What is life like in a totalitarian regime?
It is a question which has always fascinated Theodore Dalrymple - whose father was a strict if slightly inconsistent Communist.
The Wilder Shores of Marx sees the acclaimed writer visit five countries which still labour under systems inspired by the writings of Marx, Engels, Lenin and other luminaries of the left.
He visits North Korea as part of a delegation of British students, and listens in horror to his fellow travellers (in the literal sense only) talk enthusiastically about torturing and murdering political prisoners, while the cowed population, enslaved by their mad leaders, endure a living death.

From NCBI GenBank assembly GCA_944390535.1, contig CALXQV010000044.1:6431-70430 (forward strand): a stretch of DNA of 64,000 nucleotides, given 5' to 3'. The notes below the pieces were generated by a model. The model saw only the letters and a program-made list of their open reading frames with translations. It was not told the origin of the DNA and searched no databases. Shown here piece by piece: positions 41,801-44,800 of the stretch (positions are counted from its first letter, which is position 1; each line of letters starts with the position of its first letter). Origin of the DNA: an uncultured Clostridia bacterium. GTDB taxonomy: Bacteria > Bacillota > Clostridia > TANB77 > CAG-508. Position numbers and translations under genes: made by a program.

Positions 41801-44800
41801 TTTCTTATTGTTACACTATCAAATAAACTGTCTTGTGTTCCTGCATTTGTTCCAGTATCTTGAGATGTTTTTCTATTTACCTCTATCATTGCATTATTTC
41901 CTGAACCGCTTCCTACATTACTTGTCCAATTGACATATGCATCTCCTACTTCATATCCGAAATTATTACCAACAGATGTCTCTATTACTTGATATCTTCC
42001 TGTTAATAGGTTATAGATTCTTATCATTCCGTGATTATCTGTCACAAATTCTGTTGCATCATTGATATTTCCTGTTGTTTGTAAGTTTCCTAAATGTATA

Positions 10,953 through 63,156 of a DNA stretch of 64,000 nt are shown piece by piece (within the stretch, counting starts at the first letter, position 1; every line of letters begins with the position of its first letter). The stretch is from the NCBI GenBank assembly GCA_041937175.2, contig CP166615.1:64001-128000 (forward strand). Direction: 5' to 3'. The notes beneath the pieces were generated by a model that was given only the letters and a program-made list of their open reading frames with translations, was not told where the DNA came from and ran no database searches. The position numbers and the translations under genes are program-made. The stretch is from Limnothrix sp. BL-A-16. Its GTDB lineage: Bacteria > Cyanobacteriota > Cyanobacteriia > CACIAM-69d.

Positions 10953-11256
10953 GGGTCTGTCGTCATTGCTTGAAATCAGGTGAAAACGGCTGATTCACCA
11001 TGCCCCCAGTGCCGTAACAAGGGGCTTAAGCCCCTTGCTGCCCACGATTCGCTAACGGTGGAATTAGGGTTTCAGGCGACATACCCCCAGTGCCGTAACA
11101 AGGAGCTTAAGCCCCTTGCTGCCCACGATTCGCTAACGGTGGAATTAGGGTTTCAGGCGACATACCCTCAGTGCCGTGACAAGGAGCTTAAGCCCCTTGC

In grey, miserable Albania, the cult of the late and insincerely lamented Enver Hoxha still burns bright - unlike the lightbulbs.
In Romania - which he visits just before the overthrow and brutal execution of the despotic Nicolae Ceaucescu - terrified citizens, starving and desperate, whisper of their longing for freedom while waiting for the murderous Securitate to knock on the door at any moment.
Vietnam and Cuba are warmer and brighter - but the same sinister undercurrent is present.
As always, Dalrymple's eye is as sharp as his pen - not for nothing has he been called 'the George Orwell of our times' - and his observations of these rarely-visited countries are fascinating, witty and, ultimately, frightening.
Although the book was originally published in 1991 (as by Anthony Daniels), it carries a chilling message which is as apposite today as ever it was in the depths of the Cold War.
Crônicas / Turismo e Viagens